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Let’s talk about the transition, not just the targets

By Olivier de Matos, Director General of CropLife Europe.

This opinion was originally published in The Brussels Times.

Today, our food production system brings quality food to the tables of European citizens. Food which is safe, tasty, diverse, and affordable. Europe’s bountiful agricultural system ensures that our continent is a major player in the global food market. We export and import all kinds of agricultural products, providing employment and support to millions of farmers in Europe and around the world.

However, we also recognise that our food production system, although efficient, is being challenged to be more sustainable. Agriculture needs resources – fuel, pesticides, fertilizers, water – which society is asking us to reduce to mitigate the overall impact of food production on our planet.

This is an essential, but complex debate. There are a great many factors in play and it is often tempting just to oversimplify the debate by stripping it down to meeting a set of targets – isolated targets that many hope hold all the answers.

But addressing one target in isolation, while ignoring all the other factors necessary to grow food, is arbitrary and does not provide a sustainable path for this complex transition.

It all boils down to a few fundamental questions. Is it possible for pesticides use to be reduced while remaining productive and competitive? Yes, it is. Should it be a mandatory, fixed target? No. Do the exiting EU regulations provide sufficient support to our industry to enable the required transition in the food systems? No.

It’s all about the farmers’ toolbox

Our industry has made it a priority to invest in a variety of complementary tools that reduce famers’ reliance on pesticides and offer them solutions to increase the sustainability of their farms. Our job is certainly not yet completed. On the contrary, we are continuing to invest billions of euros to make progress along a number of promising avenues, offering ever more innovative solutions to farmers.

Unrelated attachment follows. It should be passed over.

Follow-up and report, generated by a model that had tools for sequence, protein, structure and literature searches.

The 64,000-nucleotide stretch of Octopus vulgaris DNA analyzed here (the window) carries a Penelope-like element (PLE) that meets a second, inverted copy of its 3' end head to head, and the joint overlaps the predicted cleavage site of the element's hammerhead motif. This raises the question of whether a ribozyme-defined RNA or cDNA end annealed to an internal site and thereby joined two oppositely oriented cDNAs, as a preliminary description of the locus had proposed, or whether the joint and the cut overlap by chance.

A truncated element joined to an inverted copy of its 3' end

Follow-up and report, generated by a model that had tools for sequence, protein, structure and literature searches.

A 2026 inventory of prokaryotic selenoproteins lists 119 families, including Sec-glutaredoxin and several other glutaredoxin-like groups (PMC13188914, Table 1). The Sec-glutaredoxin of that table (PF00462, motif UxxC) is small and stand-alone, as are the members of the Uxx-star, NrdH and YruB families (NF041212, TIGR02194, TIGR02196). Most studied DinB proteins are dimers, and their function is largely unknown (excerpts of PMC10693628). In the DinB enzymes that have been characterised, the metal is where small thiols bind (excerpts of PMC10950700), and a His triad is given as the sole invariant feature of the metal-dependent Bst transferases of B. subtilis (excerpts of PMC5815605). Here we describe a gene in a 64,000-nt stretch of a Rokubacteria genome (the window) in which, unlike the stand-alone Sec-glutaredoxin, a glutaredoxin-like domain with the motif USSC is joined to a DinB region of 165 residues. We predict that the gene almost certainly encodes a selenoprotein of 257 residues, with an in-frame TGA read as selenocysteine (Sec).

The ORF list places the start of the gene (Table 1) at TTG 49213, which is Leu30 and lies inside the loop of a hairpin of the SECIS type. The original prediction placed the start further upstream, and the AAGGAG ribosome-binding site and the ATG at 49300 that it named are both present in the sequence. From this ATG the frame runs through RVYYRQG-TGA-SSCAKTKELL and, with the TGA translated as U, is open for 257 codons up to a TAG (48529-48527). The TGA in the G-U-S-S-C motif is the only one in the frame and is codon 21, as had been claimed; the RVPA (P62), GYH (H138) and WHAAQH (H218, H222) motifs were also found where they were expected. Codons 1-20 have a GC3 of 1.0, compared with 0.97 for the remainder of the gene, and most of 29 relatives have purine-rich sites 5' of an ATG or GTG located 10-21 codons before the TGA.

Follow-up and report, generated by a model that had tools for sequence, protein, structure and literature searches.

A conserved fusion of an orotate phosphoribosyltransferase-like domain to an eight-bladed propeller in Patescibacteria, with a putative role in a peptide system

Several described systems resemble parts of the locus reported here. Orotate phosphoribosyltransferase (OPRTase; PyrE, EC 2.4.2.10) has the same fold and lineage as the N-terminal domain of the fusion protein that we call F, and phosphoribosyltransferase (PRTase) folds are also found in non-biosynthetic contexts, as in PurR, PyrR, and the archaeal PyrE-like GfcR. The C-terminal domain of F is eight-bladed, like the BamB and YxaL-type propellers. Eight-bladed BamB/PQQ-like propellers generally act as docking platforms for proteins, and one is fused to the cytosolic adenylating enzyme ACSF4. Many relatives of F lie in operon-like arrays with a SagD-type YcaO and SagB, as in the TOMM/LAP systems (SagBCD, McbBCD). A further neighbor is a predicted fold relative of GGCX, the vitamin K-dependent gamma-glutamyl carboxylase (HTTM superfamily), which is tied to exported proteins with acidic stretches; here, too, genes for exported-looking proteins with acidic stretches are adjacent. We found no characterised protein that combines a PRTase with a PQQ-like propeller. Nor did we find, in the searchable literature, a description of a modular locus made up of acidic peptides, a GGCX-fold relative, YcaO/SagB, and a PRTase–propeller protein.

Today, the farmers’ toolbox is full of new and innovative products, such as biopesticides which are much more selective in their targets and which have a much greener profile than older equivalent products. Also included are new, sustainable chemicals derived from nature, which can be used in organic farming as well as in integrated pest management strategies. There are high-tech precision applications, which enable the delivery of the minimum amount of crop protection, in precisely the right place at exactly the right time. And there are new genomic techniques, which enable farmers to farm in difficult conditions, or to use less chemicals, or even to improve crop yield and quality.

We are already seeing how new technologies like digital farming are shrinking agriculture’s ecological footprint. The latest harmonised risk indicator shows a trend of pesticide reduction use and risk of 21%. This proves that we are on the right track.